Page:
EYES WIDE OPEN - Iris Gonzales - The Philippine Star

I was in Marinduque for less than 48 hours, arriving in the middle of the night after a long arduous bus ride from Manila and standing room-only ferry trip from Quezon. The time I spent there was enough for me to see and hear the stories of residents affected by the Marcopper Mining spill, dubbed as one of the worst mining disasters in the world.

I went there sometime in 2017 to do a story on affected residents’ long quest for justice. The disaster struck on Dec. 6, 1993, but the buildup was already happening in the years prior to that.

I took several tricycle rides to different barangays situated along the Boac River and there, residents showed me remnants of the spill – the river itself looked brown and dirty and all murky. It’s as if the spill just happened.

As I trudged my way toward muddy, uneven paths to talk to affected residents in one of the barangays, my guide showed me streaks of the spill, which stood out against the dark brown patches of mud – yes they were still so visible decades after. These are rainbow-like kaleidoscopes of colors, blue, red, green and yellow in swirling patterns. It’s that disturbing beauty that often characterizes industrial waste, a mixture of oil, water, and other chemicals.

One could also still see the damage to the environment – deteriorated and dark agriculture fields, almost like dystopian land.

The Marcopper story

The now defunct Canadian company, Marcopper Mining, officially started its copper operations in 1969. Marcopper’s parent firm is Placer Dome, and according to published articles – including an August 2010 decision of the United States Supreme Court in the 1960s, Placer Dome allegedly gave then-president Ferdinand Marcos Sr. a personal 49 percent ownership interest in Marcopper.

“Allegedly in exchange for that interest, Marcos overturned the protected status of a forest reserve under which Placer Dome wished to mine,” according to the US Supreme Court document.

Marcopper operated at the Mt. Tapian ore deposit in Marinduque Island. When the deposit was depleted, Marcopper moved its operations to the San Antonio mine site, three kilometers north of Mt. Tapian, say different articles available online.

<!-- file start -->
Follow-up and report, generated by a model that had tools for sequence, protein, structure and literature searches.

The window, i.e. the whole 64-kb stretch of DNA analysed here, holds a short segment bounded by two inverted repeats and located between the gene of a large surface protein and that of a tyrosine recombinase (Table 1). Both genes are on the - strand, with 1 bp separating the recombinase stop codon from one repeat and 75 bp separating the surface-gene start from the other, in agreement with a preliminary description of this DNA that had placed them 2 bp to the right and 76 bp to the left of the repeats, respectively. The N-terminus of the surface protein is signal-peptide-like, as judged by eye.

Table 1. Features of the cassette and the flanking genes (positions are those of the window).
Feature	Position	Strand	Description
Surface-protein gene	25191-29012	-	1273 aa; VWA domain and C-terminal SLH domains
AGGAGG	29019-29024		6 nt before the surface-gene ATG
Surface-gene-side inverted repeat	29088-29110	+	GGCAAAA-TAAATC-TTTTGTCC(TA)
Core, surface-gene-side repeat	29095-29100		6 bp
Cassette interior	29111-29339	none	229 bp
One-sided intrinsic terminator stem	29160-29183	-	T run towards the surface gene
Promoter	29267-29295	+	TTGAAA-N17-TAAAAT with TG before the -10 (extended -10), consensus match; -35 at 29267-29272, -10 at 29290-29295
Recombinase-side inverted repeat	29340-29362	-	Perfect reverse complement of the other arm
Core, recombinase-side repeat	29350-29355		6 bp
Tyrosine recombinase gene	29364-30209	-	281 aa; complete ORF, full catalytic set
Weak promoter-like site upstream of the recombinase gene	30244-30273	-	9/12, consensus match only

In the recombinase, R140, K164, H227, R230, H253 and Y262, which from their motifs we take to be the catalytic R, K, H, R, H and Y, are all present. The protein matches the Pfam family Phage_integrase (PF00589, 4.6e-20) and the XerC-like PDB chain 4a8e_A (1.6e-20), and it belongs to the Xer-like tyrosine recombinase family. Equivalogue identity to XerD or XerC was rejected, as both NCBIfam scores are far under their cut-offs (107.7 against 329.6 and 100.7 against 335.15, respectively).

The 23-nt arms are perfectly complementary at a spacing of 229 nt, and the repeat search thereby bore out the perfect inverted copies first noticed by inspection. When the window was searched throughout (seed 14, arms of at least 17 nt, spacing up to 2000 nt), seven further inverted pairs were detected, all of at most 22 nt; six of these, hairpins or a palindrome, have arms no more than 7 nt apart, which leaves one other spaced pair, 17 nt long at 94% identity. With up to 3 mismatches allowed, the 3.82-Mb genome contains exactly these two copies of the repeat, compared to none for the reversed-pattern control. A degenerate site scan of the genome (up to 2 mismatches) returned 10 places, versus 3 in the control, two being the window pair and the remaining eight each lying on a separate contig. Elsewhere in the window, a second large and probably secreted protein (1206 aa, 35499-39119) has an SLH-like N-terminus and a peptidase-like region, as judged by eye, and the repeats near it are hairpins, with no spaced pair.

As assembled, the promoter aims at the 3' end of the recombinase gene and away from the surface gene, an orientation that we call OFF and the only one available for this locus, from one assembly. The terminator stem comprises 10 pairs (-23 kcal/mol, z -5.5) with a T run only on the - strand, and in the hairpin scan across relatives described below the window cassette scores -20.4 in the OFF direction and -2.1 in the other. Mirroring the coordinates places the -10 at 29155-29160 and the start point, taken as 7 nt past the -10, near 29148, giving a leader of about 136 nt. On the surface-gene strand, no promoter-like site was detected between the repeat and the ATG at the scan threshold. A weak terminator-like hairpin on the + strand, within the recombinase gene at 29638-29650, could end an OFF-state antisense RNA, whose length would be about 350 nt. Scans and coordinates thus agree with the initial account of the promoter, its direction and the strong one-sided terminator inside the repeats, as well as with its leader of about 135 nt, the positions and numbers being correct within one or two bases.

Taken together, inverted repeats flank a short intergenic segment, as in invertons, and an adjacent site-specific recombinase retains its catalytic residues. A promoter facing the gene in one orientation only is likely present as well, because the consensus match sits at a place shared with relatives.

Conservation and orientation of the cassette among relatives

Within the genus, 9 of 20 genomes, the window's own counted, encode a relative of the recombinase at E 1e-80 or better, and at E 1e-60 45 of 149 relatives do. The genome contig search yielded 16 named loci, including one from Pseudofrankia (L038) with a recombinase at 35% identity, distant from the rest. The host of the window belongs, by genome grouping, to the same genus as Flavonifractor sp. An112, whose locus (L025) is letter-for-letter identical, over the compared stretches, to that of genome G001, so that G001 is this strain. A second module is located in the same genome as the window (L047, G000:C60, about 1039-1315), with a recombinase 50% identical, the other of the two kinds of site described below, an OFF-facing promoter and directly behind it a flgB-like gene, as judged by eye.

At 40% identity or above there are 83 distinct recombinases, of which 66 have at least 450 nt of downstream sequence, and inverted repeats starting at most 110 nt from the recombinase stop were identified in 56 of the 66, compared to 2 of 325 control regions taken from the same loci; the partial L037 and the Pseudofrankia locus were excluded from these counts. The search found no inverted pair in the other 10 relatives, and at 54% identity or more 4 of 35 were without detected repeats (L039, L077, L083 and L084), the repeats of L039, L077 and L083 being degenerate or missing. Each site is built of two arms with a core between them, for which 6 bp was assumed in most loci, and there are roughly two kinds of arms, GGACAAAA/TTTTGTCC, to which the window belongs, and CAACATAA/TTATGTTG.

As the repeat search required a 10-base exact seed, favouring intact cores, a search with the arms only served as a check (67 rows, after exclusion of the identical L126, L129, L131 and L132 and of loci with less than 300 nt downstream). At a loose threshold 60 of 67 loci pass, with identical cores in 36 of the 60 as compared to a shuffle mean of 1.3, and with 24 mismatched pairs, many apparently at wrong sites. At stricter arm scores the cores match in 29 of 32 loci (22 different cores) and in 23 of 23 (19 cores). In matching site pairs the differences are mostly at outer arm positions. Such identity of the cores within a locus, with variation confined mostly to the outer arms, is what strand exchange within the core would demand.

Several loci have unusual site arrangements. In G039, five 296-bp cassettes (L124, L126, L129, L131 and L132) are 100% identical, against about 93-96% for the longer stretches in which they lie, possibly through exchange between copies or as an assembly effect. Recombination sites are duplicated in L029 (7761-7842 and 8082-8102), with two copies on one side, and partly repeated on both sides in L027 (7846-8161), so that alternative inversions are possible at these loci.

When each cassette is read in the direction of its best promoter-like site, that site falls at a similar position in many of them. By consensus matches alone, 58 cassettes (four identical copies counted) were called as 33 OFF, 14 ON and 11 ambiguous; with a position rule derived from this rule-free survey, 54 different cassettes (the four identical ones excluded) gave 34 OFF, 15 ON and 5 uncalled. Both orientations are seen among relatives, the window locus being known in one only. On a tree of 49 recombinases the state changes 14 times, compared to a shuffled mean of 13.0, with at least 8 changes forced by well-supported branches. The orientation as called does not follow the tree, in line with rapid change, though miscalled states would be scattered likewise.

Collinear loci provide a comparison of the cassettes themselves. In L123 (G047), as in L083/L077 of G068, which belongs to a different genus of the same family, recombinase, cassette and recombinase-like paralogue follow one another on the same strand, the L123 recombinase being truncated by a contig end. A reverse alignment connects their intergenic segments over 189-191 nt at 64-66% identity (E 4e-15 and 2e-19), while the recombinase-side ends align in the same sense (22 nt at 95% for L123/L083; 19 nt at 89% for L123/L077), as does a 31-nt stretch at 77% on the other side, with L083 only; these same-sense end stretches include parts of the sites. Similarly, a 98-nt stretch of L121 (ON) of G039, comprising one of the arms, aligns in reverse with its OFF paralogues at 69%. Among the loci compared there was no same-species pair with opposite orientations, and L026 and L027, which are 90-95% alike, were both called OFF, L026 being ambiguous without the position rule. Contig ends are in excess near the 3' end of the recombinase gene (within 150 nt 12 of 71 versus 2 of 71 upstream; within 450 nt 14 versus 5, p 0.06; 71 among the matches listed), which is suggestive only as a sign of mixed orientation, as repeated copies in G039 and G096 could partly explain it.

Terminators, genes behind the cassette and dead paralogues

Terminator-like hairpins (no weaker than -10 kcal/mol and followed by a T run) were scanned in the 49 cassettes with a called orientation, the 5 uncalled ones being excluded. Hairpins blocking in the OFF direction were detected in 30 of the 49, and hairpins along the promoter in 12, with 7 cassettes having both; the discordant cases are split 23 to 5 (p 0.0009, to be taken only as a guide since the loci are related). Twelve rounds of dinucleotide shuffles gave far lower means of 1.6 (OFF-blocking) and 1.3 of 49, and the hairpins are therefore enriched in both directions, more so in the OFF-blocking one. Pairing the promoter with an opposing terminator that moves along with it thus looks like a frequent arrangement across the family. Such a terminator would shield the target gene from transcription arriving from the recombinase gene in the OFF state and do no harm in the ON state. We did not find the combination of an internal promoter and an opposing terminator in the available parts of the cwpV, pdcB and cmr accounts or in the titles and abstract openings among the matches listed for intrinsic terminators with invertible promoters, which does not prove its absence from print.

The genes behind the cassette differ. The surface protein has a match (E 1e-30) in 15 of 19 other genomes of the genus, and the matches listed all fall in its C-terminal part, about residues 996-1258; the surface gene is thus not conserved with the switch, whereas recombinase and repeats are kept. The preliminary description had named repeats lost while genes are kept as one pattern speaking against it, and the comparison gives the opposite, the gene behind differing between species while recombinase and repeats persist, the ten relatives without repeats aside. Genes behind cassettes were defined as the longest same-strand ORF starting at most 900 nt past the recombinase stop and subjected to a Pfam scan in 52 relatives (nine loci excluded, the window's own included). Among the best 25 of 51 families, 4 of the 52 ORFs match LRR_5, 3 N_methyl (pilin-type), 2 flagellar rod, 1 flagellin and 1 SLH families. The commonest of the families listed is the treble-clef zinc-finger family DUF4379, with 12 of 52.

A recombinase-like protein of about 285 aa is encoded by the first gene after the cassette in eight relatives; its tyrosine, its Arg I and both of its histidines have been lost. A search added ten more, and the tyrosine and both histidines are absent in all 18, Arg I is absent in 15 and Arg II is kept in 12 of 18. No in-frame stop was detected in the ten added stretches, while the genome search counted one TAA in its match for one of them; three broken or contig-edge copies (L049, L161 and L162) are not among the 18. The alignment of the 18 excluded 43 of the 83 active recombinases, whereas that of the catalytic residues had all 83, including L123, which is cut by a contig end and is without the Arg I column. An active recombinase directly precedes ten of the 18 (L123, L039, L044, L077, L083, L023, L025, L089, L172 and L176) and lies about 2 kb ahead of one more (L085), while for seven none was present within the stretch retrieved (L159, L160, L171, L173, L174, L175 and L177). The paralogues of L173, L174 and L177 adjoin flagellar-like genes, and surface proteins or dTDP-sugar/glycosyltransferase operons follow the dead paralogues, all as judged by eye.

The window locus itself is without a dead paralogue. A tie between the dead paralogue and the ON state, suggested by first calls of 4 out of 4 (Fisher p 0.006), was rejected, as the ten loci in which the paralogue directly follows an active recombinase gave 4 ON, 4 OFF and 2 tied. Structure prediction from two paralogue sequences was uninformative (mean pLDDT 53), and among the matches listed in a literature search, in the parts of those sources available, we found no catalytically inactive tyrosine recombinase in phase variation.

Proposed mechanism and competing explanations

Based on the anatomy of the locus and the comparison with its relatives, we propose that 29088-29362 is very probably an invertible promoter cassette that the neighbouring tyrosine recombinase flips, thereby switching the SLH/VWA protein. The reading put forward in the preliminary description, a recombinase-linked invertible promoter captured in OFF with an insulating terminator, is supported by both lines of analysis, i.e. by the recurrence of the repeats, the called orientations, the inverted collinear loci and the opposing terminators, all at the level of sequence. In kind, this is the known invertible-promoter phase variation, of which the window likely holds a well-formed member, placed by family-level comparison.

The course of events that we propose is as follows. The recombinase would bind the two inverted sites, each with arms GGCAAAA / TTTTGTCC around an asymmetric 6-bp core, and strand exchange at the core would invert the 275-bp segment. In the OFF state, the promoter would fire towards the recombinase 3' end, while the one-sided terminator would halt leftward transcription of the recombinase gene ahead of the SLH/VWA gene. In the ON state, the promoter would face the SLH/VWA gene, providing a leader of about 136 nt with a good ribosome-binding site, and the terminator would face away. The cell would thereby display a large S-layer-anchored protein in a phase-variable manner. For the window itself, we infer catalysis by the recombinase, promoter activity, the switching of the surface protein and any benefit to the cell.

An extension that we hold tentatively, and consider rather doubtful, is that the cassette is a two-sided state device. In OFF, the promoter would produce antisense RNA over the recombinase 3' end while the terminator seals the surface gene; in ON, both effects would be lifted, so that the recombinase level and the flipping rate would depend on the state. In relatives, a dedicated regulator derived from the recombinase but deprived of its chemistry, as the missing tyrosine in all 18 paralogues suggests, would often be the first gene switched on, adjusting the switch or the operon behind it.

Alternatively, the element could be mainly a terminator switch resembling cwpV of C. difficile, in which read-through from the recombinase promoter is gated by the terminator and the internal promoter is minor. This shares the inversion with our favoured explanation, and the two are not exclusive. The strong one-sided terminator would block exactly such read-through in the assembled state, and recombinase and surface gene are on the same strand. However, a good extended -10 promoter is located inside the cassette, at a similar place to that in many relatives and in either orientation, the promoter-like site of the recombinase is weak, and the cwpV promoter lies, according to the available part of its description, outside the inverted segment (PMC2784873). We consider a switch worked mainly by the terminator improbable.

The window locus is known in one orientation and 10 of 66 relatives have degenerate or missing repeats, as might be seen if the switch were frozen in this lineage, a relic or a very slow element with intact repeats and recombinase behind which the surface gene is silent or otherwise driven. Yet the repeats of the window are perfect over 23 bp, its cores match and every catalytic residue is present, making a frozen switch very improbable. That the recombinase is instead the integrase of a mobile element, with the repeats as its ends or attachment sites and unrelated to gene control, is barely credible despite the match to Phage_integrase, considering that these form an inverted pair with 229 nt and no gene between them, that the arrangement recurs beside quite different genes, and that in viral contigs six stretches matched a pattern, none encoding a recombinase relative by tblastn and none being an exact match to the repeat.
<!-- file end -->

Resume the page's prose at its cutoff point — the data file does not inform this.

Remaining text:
The company discharged the mine tailings from Mt. Tapian into Calancan Bay in the province.

In all, the government estimated that the toxic tailings waste killed P1.8 million worth of freshwater, and left for dead Marinduque’s 27-kilometer Boac River.

It is estimated that at least 200 million metric tons of toxic mine tailings were discharged, according to a United Nations team that investigated the disaster.

Snow from Canada

It was said that when exposed to ocean breezes, the tailings, which partially floated, became airborne and landed on rice fields and village homes. Local residents called this their “snow from Canada,” according to an online article by Alex Felipe.

When disaster struck

On that fateful day of Dec. 6, 1993, Typhoon Monang struck and breached the dam, inundating areas in the towns of Mogpog, Boac, and Sta. Cruz.

“Barangays Bocboc and Magapua in Mogpog were submerged in floodwater, causing extensive damage to properties and agriculture,” according to a court decision dated May 16, 2022 which ruled in favor of at least 30 plaintiffs who sued the mining company.

A few days ago, I was pleasantly surprised to hear about this landmark decision that took decades in the making. This is a victory for all of us.

My thoughts immediately travelled all the way back to the province, the people I met and those patches of tailings I saw, which were still visible after all those years.

Judge Emmanuel Recalde of Branch 38 of the Marinduque Regional Trial Court granted P200,000 in temperate damages and P100,000 in moral damages to each of at least 30 plaintiffs in the case filed in 2001. Another P1 million as exemplary damages was awarded to all the plaintiffs, according to a statement sent by the Legal Rights & Natural Resources Center, which served as the legal counsel of the plaintiffs.

“This is a victory for the plaintiffs who had waited two decades for justice, as much as it is for the other plaintiffs who had unfortunately died in the course of this case. We celebrate this ruling and thank Judge Emmanuel Recalde for taking up (the) cudgels for the survivors and the environment,” said Elizabeth Manggol of the Marinduque Council for Environmental Concerns (MACEC).


“This emblematic case should serve as a warning for communities who wish to embrace mining. Litigating mining-related cases like this celebrated case is a slow march to justice. Communities must think their decisions through for the impact of the environment can be irreversible. In the case of Marinduque, the river affected by the spill is all but dead. With this ruling, Judge Recalde has shown that environmental cases do have a fighting chance in our judicial system,” said lawyer Ryan Roset, direct legal services coordinator of LRC.

For sure, large-scale mining projects present inevitable damage despite the thousands of jobs it creates.

May this decision indeed serve as a lesson to the government, local governments, and different companies, especially with projects involving the country’s natural resources.



Iris Gonzales’ email address is [email protected]. Follow her on Twitter @eyesgonzales. Column archives at eyesgonzales.com.


  • Latest
  • Trending
Are you sure you want to log out?

Philstar.com is one of the most vibrant, opinionated, discerning communities of readers on cyberspace. With your meaningful insights, help shape the stories that can shape the country. Sign up now!

or sign in with